Deep Dive: How to Win an Election-Gerrymandering
By: Jim Cowles
We have all done this. Been on a playground, usually as a kid, and chosen sides for a ‘pick-up’ game of baseball, basketball, football, etc. One ’captain’ chooses a player first, then the other chooses one, and they continue to alternate until the teams are set and the games begin. It’s the fair way. But, what if one captain got to pick his or her entire team first, all of them, before the other captain got even one? You could play the game, but it wouldn’t be much of a competition.
That is sort of what gerrymandering is to the election process for the U.S. House of Representatives. Most states (37 at last count) provide that their state legislative bodies get to draw the lines for their Congressional Districts. This means that whichever party is in control of the state usually gets to draw the lines that organize voters into districts. When the majority party maps out these congressional districts in a way that intentionally aims to gain them more seats, or preserve the ones they have, that is gerrymandering. And it’s not new. In 1812, Massachusetts Governor Gerry redrew the boundaries of a district in a way that made it appear so contorted on the map that many said it looked like a salamander. A local newspaper published an image of the map and called it a ‘Gerry-mander’, popularizing the term we now use to refer to partisan redistricting.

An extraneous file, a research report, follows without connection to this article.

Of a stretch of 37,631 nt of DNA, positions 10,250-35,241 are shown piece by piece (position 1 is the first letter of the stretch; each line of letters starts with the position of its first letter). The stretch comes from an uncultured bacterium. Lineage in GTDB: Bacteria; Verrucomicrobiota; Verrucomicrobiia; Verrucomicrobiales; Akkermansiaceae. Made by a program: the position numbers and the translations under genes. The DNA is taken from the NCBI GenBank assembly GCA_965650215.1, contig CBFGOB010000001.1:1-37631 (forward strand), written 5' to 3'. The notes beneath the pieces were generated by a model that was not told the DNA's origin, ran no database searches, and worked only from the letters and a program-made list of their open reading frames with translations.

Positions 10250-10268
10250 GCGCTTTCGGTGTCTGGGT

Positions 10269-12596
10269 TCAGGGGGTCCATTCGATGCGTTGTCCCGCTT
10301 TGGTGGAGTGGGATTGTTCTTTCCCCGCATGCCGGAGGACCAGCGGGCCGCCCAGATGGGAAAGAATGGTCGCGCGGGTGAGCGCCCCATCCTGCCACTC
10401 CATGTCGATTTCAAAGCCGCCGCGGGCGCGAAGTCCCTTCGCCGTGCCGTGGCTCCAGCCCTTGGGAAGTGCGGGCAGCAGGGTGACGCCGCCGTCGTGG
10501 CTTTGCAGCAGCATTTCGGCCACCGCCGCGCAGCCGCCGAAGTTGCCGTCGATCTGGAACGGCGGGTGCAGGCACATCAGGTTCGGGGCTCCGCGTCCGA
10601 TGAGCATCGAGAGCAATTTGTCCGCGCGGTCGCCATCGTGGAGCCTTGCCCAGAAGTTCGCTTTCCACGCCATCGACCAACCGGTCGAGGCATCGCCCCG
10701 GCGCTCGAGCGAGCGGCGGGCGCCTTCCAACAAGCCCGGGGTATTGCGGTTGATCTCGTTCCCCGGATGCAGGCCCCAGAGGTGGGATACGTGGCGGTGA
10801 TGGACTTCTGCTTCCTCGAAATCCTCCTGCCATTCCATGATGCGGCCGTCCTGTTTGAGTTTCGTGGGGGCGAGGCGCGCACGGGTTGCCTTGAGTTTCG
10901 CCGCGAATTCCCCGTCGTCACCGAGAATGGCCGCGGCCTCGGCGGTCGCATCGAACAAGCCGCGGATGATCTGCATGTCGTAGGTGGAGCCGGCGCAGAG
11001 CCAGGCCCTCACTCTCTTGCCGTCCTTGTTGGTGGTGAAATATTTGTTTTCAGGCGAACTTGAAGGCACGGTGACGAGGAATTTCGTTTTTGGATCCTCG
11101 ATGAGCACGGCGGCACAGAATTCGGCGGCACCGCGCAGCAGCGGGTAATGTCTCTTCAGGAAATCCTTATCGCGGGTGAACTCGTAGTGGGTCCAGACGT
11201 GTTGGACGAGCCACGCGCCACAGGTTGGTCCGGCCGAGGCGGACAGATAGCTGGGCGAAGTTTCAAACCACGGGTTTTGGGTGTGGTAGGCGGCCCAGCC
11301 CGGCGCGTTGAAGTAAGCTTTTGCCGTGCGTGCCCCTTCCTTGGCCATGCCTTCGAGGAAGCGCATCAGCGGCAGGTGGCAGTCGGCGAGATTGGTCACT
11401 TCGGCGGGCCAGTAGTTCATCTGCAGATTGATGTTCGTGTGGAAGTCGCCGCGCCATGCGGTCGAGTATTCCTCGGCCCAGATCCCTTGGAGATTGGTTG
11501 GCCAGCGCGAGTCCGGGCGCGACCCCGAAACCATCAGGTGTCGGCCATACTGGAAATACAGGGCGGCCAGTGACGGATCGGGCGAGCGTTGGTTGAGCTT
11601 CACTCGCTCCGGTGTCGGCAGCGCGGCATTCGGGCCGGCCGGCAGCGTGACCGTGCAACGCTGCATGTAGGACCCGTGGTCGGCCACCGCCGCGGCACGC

But now let’s continue with the sports analogy. Remember the book, and the movie, Moneyball? It’s the story of how the Oakland Athletics baseball team levered statistics and data to revolutionize how professional sports teams construct their roster of players.
Well, now apply stats and data regarding voters to the drawing up of congressional districts and you have gerrymandering on steroids. So why does this matter? Well, if politicians are choosing their voters instead of voters choosing their representatives, that undermines the process, and some would argue, the legitimacy, of our elections. So as The Venn focuses on the 2020 election issues and candidates, we also want to bring attention to how the election process now works in the US. This week we focus on gerrymandering and in subsequent weeks we will drill into issues such as social media’s impact, the influence of ‘big money’ contributions, and the debate regarding the electoral college process.
Again, why does this matter? Well think about the example at the beginning of this article. If one ‘captain’ gets to pick his/her entire team before the other one, then the kids on the second team may still play the game, but more likely they will just go home. Is that what we want from our elections?